While Munzar, another member of the community,  said, “The judiciary has not defined what is natural and unnatural. Hence, when you label consensual sex as unnatural, it abridges the rights of individuals directly; the term unnatural is debatable. If you ask me what’s unnatural, it’s a juvenile man raping a young girl and still being protected under Juvenile Law; a politician looting the country and the regressive thought processes that are ruling the country.”

A section of the society that was undergoing a major cultural shift is now perhaps back at square one.

Meanwhile, parents of many LGBT members said that they had mixed emotions about the verdict and were perplexed as to how to react. “When my son opened up to me, I grounded him and locked him at home for a week. He then attempted suicide after which I got really worried and then started to understand him. It took me more than a year to come to terms with how things were biologically different with him. He also explained Section 377 to me. But now, I don’t know if I should support him anymore and what is good for him,” said a parent.

The community, however, took note of the fact that in a larger context, the judgement did provide the legislative bodies to relook at the clauses of Article 377.

Vijay R. Nair, programme manager, Pehchan and International HIV/AIDS Alliance said, “The Court’s verdict does have a scope to reconsider. What surprises me is that though the Constitution has been amended by the legislative and executive bodies a number of times, not a single amendment has been carried forth to review the status of LGBTs in the country. We are going to go on the streets and will die for our rights.”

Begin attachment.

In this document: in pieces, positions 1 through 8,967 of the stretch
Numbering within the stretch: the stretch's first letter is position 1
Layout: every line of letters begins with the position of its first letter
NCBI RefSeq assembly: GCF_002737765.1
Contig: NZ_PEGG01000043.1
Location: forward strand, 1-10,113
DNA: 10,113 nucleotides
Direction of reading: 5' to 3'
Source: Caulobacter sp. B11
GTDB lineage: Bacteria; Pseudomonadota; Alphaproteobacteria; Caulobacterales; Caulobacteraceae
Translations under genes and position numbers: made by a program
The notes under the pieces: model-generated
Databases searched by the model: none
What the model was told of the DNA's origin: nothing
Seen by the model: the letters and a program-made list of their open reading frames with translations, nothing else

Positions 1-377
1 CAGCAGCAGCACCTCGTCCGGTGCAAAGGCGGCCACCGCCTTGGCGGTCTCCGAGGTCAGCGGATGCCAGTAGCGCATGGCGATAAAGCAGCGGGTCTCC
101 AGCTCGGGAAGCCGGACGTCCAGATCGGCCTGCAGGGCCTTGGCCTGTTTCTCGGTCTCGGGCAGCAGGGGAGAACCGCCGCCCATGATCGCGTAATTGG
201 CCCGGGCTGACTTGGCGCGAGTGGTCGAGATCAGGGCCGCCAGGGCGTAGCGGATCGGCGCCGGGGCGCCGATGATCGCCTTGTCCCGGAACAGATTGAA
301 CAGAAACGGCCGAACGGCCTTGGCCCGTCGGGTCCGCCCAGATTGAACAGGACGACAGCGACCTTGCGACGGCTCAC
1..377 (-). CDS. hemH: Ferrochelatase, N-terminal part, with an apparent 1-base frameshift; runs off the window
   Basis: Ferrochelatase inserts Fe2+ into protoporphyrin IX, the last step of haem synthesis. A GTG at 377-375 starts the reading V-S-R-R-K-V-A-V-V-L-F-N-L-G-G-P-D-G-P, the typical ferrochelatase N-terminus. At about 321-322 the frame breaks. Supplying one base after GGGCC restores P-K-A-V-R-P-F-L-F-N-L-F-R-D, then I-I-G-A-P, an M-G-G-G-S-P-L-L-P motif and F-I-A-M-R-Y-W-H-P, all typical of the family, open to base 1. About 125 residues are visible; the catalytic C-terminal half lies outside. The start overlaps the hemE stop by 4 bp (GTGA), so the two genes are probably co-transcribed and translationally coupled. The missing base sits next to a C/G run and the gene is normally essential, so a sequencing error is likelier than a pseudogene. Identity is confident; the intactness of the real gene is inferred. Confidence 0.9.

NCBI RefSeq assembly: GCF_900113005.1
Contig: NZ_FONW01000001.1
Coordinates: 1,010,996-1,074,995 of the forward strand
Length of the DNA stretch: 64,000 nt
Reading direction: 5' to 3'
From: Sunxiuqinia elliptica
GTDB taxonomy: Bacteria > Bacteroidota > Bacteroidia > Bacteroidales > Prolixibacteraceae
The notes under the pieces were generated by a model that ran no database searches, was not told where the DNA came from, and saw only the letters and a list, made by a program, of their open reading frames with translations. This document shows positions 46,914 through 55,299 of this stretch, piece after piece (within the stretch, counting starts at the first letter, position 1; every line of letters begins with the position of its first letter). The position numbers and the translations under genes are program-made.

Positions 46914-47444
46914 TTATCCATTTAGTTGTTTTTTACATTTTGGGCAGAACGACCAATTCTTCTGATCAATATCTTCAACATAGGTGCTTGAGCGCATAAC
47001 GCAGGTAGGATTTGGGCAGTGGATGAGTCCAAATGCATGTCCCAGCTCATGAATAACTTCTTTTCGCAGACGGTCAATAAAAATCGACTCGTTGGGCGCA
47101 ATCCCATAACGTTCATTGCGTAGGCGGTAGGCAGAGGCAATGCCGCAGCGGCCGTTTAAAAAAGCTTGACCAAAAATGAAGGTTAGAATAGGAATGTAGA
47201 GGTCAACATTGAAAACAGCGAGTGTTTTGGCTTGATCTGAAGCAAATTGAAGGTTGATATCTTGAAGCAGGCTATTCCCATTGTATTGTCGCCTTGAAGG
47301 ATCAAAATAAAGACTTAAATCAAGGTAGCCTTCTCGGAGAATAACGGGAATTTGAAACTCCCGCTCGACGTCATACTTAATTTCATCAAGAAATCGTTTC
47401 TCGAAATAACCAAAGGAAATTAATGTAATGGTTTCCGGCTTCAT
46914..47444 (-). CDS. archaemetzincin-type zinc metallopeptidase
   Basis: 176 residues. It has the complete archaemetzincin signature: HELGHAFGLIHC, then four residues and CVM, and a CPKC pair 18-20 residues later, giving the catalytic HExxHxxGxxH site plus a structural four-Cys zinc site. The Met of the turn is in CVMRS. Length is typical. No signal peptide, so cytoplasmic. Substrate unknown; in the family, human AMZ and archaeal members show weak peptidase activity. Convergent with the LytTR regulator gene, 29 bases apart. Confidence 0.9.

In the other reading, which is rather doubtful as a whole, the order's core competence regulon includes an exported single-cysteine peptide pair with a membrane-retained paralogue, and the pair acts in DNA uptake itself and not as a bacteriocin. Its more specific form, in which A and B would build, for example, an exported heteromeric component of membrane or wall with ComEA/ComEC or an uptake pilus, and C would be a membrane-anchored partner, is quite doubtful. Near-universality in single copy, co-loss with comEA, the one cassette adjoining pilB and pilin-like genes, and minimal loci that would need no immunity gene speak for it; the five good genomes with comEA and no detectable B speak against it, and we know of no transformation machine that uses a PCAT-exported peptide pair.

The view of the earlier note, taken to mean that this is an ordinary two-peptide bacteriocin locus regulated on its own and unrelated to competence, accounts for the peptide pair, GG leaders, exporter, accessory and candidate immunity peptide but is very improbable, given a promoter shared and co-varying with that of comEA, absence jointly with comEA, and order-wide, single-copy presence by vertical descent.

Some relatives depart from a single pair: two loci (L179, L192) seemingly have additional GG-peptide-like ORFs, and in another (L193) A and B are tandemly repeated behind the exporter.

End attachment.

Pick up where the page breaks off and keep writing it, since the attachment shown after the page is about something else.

Next: Gay relations are illegal in over 70 countries

Gay relations are illegal in over 70 countries. Punishments range from life in prison, forced “psych cures” to death by public stoning.


Top hostiles

Barbados: 10 yrs in jail
Bhutan: Month in jail
Dominica: 25 yrs in jail and psych analysis
Iran: Death
Qatar: Death
Saudi Arabia: Death by public stoning
Sri Lanka:?Up to 10
yrs prison
Pakistan:?Up to 10
yrs in prison
Malaysia:?20 yrs jail and/or whipping
Mauritius: Lesbians allowed. Men face five years.
Singapore: Men face two years in jail. Lesbians permitted.


  • Russia’s law on “non-traditional” sex also places an absolute ban on discussing LGBT affairs. Foreigners face immediate deportation.
  • China decriminalised homosexuality in 1997. But laws to protect the LGBT community are non-existent.